Baseball Planning: Off-Season
Now that summer ball is over, you’re probably thinking: well, now what?
For some, the Fall gives an opportunity to further showcase yourself in front of coaches.
The Fall also gives an opportunity for you to re-program your body and reach a new peak of athletic development.
If you’re a guy who didn’t get much playing time, there are two options to choose from: play fall ball (working on athletic skills) or develop in the weight room (working on athletic qualities).
I’ve written about the Off-Season once before, and my ideas still remain the same:
You’re probably enjoying the time off from all baseball activity. Give your body and your brain the rest that it needs
Your arm may be hurting, and it may not be either. BUT, regardless of your situation, I think it would be best to not throw for a while. Obviously, you don’t really have a choice if you are a college player. In the perfect world (most High School kids), you could be taking off at least 2 months from throwing altogether.
NOW is the time to work on your specific needs. In a general sense, players should be working on attacking mobility concerns, gaining some mass/losing some mass, and getting stronger (in that order).
ASSESS and EVALUATE where you are in the fitness-fatigue paradigm.
However, there are a few things I may add.
The evaluation process is critically important in this period of time. This is where we can see how your body moves, how it is feeling, and assess your true strengths and weaknesses.
I believe the most important assessment for pitchers at the beginning of the off-season is rotator cuff strength. This could be a determining factor if you even play fall ball or not.
With all these opinions thrown to the side, there are a few things that we are trying to develop from a performance standpoint.
Active Rest is Active Rest
I’ll give a real-life example. It was August 25th and I saw a team practicing in the building. I noticed that we train one of the kids on this team, so he started to approach me so we could have a conversation.
I asked him, “are you guys practicing for a tournament?”
He replied, “No, this is for fall-ball”.
I paused for a second and thought to myself, so when did these kids ever take a break? A few days? Certainly as you can tell, this is not a real break.
Just because you have maybe 2 weeks off, doesn’t mean that taking additional swings in the cage for an extended period of time is “active rest”. The FIRST step in this is putting your glove away, and getting a baseball out of your sight.
Play different sports. Enjoy the outside in your bare feet. Find some adventurous things to do with your friends. Remain to be active, but not through baseball. I promise you, this is the right thing to do if you’re playing fall ball.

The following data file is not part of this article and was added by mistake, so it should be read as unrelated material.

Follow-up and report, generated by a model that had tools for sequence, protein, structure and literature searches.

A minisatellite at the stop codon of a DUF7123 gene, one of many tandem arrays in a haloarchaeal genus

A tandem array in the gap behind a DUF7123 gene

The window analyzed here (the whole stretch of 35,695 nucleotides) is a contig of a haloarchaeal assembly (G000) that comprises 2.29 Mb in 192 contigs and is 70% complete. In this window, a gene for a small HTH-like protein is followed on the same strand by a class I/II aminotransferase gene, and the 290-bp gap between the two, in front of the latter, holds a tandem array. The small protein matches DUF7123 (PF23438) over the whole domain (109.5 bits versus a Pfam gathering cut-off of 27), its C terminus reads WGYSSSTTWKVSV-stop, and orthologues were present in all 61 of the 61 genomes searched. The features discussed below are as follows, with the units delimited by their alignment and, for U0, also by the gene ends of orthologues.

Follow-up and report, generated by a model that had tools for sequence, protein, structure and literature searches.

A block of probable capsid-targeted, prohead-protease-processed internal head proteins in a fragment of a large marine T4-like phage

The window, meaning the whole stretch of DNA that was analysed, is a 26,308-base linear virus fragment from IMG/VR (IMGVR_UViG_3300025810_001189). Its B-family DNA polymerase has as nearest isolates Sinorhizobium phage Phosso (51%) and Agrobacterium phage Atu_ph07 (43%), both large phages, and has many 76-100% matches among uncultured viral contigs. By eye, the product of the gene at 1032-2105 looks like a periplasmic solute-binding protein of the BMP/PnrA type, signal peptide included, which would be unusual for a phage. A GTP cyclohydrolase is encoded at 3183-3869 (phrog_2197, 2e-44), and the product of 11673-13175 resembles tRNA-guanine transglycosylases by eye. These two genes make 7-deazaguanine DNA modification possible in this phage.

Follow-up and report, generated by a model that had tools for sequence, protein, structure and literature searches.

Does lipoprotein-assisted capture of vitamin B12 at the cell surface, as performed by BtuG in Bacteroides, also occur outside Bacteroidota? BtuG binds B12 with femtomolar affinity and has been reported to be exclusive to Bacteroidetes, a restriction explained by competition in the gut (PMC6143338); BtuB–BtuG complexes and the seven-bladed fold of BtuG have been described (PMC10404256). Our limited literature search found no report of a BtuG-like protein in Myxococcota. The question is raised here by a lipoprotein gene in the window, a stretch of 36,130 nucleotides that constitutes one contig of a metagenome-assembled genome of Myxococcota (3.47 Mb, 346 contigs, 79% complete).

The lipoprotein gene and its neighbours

Even if you’re NOT playing fall ball, it’s important to rest before you start your off-season training.
Taking the First Step in Training
The first step is actually pretty easy: goal-setting. Once you have a certain vision in sight, that only makes the beginning of your training that much easier (and for your coaches).
Think about how the summer season went, but NOT from a statistical standpoint.
Rather, think about how your body felt and how you physically performed each day.
For example, if you’re a pitcher, did you often struggle in the first few innings? Did you get stronger throughout the game? Did your velocity die out around a specific inning? Was there a point in time where you were feeling more sore than usual? Were you unable to mentally lock in during the first few innings?
If you’re a position player, did you often struggle to feel “warmed up” before some games? Every game? Did you feel quick, or slow? Did you have an approach at the plate, or in the on-deck circle? Was your arm feeling tired in the field?
These are ALL very important and specific questions because this will dictate how you start your off-season training.
Now is the time where we re-condition the entire body, attack some mobility restrictions, and slowly start to layer on some strength on top of your current dysfunctions without interfering with these dysfunctions.
Fall Ball vs. Development
If you’re stuck between playing fall ball and training, here are a few things to consider:
- What are YOUR top priorities? List them from most important to least important
- Once you determine these priorities, determine how much time is needed to devote to these priorities
- If you chose that playing fall ball and getting recruited is more important, then maybe you could train one day during the week, preferably earlier on, so that nothing interferes with your competition play
- If you think both fall ball and working on your development is important, you could choose between training 1-2 times per week
- If you chose that developing your athletic qualities is more important than fall ball, then I would train at least twice a week, and just know that your competition play may be compromised
In a few weeks we will cover what to focus on at the start of an off-season as we continue along the Baseball Periodization Calendar.
If you want to train with me, visit the Infiniti Performance website so we can get you going!
Jarad Vollkommer, CSCS